The position of the AIKKM was based on the concept of Vaishnavism, which promoted the worship and claims of descent from Rama or Krishna as a means to assume the trappings of Kshatriya symbolism and thus permit the wearing of the sacred thread even though the physical labour inherent in their cultivator occupations intrinsically defined them as Shudra. The movement caused them to abandon their claims to be descended from Shiva in favour of the alternate myth that claimed descent from Rama.[13] In 1921, Ganga Prasad Gupta, a proponent of Kushwaha reform, had published a book offering a proof of the Kshatriya status of the Koeri, Kachhi, Murao and Kachwaha.[6][14] His reconstructed history argued that the Kushwaha were Hindu descendants of Kush and that in the twelfth century they had served Raja Jaichand in a military capacity during the period of Muslim consolidation of the Delhi Sultanate. Subsequent persecution by the victorious Muslims caused the Kushwaha kshatryia to disperse and disguise their identity, foregoing the sacred thread and thereby becoming degraded and taking on various localised community names.[6] Gupta's attempt to prove Kshatriya status, in common with similar attempts by others to establish histories of various castes, was spread via the caste associations, which Dipankar Gupta describes as providing a link between the "urban, politically literate elite" and the "less literate villagers".[15] Some communities also constructed temples in support of these claims as, for example, did the Muraos in Ayodhya.[4]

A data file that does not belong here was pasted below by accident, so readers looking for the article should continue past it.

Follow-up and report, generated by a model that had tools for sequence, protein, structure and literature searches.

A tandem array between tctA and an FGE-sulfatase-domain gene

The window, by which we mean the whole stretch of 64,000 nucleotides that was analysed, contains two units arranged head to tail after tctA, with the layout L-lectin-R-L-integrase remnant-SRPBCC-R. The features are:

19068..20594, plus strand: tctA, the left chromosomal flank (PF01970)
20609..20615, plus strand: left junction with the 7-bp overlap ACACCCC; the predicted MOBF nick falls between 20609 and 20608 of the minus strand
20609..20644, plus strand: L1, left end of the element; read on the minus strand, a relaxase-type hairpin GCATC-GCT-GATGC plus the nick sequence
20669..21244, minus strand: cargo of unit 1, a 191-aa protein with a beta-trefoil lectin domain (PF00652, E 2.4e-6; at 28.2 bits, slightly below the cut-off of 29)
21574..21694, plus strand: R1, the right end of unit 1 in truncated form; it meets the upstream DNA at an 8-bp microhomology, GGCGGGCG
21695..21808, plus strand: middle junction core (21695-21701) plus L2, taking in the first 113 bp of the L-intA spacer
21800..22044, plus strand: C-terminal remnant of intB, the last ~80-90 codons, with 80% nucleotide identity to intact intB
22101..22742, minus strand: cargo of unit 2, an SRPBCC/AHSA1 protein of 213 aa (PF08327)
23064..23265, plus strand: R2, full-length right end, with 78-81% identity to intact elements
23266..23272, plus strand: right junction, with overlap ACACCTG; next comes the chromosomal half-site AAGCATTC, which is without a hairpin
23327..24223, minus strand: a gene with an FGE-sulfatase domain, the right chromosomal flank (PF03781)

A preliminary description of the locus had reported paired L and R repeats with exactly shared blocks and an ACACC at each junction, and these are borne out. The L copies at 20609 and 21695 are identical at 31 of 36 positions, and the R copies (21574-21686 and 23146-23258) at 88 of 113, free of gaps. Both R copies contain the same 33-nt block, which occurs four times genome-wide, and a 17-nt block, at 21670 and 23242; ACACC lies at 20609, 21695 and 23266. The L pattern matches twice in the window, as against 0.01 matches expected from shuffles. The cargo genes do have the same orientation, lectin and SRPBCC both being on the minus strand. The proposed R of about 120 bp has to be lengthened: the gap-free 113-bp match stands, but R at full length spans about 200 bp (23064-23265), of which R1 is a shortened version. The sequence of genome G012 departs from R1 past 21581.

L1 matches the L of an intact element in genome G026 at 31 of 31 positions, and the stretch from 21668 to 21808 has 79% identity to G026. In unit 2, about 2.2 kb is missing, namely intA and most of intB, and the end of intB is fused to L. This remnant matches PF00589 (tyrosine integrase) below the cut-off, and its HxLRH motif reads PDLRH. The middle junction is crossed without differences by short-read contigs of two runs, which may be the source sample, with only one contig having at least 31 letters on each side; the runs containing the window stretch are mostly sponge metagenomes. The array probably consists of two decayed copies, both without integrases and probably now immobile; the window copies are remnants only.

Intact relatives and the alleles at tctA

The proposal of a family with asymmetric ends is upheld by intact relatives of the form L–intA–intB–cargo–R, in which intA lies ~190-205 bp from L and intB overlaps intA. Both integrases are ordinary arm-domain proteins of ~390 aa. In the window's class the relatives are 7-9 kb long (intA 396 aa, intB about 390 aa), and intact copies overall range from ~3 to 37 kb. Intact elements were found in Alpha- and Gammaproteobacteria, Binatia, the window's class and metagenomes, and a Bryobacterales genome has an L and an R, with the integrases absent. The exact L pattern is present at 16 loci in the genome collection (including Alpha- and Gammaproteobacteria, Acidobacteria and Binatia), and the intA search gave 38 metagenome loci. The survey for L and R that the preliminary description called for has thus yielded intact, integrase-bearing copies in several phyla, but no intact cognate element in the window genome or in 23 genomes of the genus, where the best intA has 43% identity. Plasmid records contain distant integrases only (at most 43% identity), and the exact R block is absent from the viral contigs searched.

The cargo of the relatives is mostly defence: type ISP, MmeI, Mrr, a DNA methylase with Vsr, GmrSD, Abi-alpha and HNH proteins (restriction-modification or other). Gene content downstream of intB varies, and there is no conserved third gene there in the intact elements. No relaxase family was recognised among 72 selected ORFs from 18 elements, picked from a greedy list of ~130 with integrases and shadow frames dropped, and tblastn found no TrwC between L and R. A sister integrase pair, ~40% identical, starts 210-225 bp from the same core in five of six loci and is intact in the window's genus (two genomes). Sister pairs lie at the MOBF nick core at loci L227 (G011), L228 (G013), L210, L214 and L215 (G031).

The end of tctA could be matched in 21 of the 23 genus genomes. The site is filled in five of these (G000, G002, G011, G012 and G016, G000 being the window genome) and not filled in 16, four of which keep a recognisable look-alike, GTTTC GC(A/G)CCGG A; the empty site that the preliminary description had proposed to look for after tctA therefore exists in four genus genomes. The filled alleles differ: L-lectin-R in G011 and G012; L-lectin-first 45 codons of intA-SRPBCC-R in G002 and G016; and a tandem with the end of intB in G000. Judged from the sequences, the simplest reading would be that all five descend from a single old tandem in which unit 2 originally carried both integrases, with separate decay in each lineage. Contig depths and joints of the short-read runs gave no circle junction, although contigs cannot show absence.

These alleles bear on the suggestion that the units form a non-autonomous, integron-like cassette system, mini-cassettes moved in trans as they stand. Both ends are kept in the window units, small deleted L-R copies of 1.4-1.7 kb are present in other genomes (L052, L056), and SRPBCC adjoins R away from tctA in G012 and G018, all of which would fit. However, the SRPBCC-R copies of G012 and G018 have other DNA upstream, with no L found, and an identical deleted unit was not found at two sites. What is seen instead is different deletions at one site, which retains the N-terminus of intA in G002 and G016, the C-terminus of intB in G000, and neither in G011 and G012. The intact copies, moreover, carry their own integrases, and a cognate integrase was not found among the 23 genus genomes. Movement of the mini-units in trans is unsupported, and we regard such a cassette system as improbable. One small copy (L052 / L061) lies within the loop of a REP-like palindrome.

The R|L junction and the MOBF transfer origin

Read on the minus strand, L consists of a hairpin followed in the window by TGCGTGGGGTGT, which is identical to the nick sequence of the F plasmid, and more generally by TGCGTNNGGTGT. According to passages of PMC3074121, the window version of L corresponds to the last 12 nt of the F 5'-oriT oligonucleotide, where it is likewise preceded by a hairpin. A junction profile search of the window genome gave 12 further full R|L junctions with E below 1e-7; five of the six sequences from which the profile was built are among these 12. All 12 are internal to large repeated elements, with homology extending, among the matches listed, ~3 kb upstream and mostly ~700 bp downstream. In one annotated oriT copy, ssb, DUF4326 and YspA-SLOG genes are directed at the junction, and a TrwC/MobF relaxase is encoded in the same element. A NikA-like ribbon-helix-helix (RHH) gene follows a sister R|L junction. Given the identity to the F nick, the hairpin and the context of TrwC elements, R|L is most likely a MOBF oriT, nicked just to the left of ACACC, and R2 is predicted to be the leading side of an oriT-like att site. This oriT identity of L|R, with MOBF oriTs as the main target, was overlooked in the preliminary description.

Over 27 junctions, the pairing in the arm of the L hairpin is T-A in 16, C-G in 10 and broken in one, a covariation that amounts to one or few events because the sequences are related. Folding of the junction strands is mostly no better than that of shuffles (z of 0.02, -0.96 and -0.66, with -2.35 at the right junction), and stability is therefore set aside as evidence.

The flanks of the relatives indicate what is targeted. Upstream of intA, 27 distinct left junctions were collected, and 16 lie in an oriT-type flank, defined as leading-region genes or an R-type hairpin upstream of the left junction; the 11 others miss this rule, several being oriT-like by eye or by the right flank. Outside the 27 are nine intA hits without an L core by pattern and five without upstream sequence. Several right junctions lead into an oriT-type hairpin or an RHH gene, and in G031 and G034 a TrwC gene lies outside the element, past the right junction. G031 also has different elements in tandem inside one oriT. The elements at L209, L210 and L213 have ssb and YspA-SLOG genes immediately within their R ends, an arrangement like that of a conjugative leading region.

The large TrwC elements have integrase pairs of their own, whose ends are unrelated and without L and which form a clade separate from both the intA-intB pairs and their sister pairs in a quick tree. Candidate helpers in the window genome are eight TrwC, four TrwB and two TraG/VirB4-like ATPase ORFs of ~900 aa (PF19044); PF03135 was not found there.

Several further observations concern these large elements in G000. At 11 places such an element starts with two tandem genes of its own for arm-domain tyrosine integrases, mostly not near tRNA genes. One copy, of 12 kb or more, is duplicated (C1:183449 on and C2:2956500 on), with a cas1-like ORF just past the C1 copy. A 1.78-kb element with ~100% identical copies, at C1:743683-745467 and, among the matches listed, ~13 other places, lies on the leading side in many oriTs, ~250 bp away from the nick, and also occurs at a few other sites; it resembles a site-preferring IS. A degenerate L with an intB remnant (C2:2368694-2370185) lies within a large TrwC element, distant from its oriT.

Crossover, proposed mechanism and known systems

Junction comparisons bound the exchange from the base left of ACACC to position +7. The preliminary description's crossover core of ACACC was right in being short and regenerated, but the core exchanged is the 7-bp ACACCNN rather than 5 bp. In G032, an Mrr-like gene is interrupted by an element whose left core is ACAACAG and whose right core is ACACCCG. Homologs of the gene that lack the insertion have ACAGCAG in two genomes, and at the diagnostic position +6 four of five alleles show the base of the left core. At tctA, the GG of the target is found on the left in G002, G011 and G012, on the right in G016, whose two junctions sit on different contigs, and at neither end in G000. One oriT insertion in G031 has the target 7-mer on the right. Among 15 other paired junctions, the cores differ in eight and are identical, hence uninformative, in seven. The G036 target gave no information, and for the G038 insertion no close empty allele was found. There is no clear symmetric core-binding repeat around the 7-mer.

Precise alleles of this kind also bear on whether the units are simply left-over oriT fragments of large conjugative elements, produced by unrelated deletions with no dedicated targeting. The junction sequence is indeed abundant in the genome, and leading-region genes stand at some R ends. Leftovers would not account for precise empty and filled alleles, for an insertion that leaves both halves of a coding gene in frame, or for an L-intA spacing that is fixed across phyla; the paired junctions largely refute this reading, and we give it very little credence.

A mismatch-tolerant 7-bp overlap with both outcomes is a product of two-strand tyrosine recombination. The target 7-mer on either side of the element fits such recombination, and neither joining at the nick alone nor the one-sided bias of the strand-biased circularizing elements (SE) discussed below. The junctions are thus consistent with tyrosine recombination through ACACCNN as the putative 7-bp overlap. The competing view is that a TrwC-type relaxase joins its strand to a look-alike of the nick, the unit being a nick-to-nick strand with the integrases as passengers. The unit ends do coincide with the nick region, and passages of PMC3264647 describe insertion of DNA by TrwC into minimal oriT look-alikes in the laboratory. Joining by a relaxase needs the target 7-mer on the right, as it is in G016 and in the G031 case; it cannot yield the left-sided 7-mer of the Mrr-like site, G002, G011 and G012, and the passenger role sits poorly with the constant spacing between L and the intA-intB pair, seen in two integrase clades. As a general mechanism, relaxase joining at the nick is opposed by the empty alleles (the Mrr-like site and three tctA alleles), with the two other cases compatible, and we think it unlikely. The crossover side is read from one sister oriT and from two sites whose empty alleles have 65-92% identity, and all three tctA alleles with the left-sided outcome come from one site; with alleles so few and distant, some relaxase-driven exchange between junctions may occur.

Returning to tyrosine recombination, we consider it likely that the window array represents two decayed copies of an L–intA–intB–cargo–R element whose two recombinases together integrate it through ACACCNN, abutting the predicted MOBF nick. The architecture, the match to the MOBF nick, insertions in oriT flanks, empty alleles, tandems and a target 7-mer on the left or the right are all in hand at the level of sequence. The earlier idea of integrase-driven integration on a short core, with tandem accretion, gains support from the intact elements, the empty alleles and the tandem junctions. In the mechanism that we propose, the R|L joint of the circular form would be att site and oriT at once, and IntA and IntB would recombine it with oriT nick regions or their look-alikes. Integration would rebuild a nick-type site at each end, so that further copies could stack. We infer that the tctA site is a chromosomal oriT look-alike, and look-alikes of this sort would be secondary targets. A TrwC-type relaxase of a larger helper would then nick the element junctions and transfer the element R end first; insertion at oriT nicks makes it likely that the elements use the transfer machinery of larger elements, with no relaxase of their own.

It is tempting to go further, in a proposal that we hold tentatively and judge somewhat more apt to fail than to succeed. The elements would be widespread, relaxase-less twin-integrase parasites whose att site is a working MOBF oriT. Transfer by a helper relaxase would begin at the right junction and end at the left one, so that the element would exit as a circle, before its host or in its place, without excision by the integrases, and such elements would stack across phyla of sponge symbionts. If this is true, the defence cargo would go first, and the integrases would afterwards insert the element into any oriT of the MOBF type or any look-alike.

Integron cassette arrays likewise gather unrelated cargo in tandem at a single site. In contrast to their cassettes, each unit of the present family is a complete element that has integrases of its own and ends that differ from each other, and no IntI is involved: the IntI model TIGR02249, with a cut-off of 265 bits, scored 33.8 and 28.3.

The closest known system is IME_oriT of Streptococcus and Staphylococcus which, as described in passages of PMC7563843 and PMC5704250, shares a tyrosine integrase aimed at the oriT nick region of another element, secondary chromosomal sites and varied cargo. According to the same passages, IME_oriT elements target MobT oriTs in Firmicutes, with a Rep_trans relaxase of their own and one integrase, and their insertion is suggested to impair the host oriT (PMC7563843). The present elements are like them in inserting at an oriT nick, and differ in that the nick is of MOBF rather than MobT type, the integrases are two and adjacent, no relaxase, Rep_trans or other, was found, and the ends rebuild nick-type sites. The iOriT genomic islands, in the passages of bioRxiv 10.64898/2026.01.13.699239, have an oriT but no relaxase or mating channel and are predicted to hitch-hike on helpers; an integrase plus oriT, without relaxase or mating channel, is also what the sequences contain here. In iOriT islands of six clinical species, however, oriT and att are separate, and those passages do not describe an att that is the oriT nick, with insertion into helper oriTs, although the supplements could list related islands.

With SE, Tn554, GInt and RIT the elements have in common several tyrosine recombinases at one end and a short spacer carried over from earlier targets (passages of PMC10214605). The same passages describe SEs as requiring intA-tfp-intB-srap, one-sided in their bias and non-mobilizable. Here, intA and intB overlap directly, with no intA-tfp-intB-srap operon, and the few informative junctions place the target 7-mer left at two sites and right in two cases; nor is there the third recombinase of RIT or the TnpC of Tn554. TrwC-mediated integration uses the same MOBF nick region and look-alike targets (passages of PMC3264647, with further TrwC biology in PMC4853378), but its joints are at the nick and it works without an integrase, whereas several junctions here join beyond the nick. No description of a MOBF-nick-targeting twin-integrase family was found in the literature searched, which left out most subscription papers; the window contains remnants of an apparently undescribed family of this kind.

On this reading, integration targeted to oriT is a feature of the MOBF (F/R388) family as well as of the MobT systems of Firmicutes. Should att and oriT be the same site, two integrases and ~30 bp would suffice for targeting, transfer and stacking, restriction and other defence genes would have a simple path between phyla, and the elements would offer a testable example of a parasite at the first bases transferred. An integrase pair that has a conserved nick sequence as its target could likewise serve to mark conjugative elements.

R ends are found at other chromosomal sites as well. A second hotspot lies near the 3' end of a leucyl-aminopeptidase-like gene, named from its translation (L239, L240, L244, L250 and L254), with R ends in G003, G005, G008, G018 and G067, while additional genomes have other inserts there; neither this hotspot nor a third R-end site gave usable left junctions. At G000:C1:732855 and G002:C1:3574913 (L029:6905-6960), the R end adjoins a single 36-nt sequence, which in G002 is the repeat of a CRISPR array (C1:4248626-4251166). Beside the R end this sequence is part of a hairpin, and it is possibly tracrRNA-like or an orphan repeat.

Classification as Backward Caste

Some Kushwaha reformers also argued, in a similar vein to the Kurmi reformer Devi Prasad Sinha Chaudhari, that since Rajputs and Bhumihars and Brahmins worked the fields in some areas, there was no rational basis for assertions that such labour marked a community as being of the Shudra varna.[16]

Kushwahas are classified as a Most Backward Caste (MBC) in some Indian states.[17] In 2013, the Haryana government added the Kushwaha, Koeri and Maurya castes to the list of backward classes.[18]

References

Notes

  1. ^ William Pinch records that, "... a popular concern with status predated the rise of an imperial census apparatus and the colonial obsession with caste. ... [C]laims to personal and community dignity appeared to be part of a longer discourse that did not require European political and administrative structures."[7]

Citations

  1. ^ Pinch, William R. (1996). Peasants and monks in British India. University of California Press. p. 91. ISBN 978-0-520-20061-6. Retrieved 2012-02-22.